An annotated bibliography is a list of secondary source citations with a short overview of each essay’s main argument. The educational goal is to 1) gather information necessary for your final research paper and 2) to train yourself in finding other authors’ theses sentences so you can write your own. Before you begin this assignment you should read the Purdue OWL section on annotated bibliographies at https://owl.english.purdue.edu/owl/resource/614/01/ (Links to an external site.)
For this assignment you should:
- List at least six secondary sources in alphabetical order. These should include 3 books and 3 journal articles.
- Include all information required by the MLA style for the citation. You can find this in your handbook or online at https://owl.english.purdue.edu/owl/resource/747/01/ (Links to an external site.)
- Include a 75-100 word summary of each source, which should include direct quotes. The goal here is for you to find the author’s thesis sentence.
- Proofread for grammar errors. For style guidance, go to https://owl.english.purdue.edu/owl/ (Links to an external site.)
Your bibliography should look something like this for a book:
Lamott, Anne. Bird by Bird: Some Instructions on Writing and Life. New York: Anchor Books, 1995. Print.
Lamott’s book offers honest advice on the nature of a writing life, complete with its insecurities and failures. Taking a humorous approach to the realities of being a writer, the chapters in Lamott’s book are wry and anecdotal and offer advice on everything from plot development to jealousy, from perfectionism to struggling with one’s own internal critic. In the process, Lamott includes writing exercises designed to be both productive and fun.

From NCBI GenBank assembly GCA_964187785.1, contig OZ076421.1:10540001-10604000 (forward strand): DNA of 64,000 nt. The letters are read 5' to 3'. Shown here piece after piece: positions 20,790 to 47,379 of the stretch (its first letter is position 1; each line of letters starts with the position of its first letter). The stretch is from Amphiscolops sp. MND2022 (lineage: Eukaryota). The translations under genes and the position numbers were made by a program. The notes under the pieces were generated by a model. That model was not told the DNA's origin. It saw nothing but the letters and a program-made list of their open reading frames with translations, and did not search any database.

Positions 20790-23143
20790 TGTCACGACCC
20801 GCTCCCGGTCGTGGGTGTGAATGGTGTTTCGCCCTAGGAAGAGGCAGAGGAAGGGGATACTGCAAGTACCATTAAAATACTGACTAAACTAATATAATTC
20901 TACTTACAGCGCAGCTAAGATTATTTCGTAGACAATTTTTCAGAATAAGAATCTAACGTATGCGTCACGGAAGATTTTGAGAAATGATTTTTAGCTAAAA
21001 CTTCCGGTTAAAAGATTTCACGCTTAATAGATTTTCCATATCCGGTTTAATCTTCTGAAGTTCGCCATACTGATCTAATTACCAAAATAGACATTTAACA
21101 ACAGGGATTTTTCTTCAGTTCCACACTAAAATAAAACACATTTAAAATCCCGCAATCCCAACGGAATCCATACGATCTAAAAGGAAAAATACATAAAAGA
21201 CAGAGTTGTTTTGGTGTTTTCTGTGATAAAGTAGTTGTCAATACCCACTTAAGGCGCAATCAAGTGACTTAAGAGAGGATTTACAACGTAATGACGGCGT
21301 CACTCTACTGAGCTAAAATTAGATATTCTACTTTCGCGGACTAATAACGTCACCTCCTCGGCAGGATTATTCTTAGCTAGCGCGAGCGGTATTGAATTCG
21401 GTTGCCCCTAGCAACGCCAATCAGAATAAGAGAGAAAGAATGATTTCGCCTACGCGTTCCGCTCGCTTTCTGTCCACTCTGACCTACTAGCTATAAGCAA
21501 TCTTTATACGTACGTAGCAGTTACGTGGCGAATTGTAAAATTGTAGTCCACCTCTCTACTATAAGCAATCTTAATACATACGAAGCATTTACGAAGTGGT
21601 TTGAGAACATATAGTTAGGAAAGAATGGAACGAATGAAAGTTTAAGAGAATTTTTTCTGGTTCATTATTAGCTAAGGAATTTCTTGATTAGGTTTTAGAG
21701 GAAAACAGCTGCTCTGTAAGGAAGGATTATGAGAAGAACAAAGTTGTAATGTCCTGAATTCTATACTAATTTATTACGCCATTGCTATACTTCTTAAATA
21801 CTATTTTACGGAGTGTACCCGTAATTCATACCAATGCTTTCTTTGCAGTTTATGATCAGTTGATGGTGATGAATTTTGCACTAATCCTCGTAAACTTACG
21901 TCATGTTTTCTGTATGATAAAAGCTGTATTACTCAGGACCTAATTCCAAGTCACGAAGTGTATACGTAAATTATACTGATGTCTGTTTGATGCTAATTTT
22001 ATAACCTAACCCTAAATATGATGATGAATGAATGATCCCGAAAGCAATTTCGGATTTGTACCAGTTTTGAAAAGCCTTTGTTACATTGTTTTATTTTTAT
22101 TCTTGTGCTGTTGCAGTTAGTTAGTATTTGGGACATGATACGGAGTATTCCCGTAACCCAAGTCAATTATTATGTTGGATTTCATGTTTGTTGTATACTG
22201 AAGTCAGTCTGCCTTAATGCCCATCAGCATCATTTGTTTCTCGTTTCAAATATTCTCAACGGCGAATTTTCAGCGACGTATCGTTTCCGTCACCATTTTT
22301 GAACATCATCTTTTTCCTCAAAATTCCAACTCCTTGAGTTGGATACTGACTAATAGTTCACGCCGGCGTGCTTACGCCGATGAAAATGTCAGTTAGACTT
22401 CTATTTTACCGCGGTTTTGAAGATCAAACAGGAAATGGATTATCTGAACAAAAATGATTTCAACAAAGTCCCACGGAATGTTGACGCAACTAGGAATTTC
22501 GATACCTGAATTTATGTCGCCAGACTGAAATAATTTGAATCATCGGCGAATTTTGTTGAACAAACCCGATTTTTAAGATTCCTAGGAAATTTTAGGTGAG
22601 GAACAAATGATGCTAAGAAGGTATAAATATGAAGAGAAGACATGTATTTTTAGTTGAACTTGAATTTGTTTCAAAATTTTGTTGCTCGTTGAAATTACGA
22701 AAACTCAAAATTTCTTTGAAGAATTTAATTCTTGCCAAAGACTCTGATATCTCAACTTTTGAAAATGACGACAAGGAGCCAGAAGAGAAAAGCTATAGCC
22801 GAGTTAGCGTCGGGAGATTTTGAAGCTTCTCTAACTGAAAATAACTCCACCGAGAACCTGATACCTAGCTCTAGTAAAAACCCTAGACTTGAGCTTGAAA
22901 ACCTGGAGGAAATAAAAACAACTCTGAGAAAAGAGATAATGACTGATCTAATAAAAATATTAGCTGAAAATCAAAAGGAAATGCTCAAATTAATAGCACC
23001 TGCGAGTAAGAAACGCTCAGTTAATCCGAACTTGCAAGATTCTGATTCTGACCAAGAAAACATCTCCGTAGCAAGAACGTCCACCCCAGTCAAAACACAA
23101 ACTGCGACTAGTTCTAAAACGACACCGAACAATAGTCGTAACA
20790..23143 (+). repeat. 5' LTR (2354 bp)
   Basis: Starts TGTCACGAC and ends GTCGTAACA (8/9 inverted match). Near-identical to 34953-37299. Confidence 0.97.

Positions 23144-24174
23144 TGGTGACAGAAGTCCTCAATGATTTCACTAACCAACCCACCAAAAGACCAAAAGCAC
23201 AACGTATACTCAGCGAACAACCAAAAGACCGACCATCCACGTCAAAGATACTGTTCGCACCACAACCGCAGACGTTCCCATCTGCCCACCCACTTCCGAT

Lamott offers sane advice for those struggling with the anxieties of writing, but her main project seems to be offering the reader a reality check regarding writing, publishing, and struggling with one’s own imperfect humanity in the process. Rather than a practical handbook to producing and/or publishing, this text is indispensable because of its honest perspective, its down-to-earth humor, and its encouraging approach.
Chapters in this text could easily be included in the curriculum for a writing class. Several of the chapters in Part 1 address the writing process and would serve to generate discussion on students’ own drafting and revising processes. Some of the writing exercises would also be appropriate for generating classroom writing exercises. Students should find Lamott’s style both engaging and enjoyable.
And like this for an article:
Babbitt, Kevin. “Mary Magdalene and the Drama of Saints: Theatre, Gender, and Religion in Late Medieval England.” Theatre Journal 57.2 (2005). 331-332. 10 September 2005. <http://muse.jhu.edu/journals/ theatre_journal/v057/57.2babbitt.html (Links to an external site.)>.
The author provides an in-depth review of Theresa Coletti’s book (ISBN-13: 978-0812238006) based on the Bodleian Library manuscript Digby 133 (the Digby Mary Magdalene). He is very favorable of the book, describing the author’s analysis as knowledgeable, thorough, and cohesive. Babbitt highly recommends the text for anyone interested in looking at the performance of religion, especially in light of gender issues.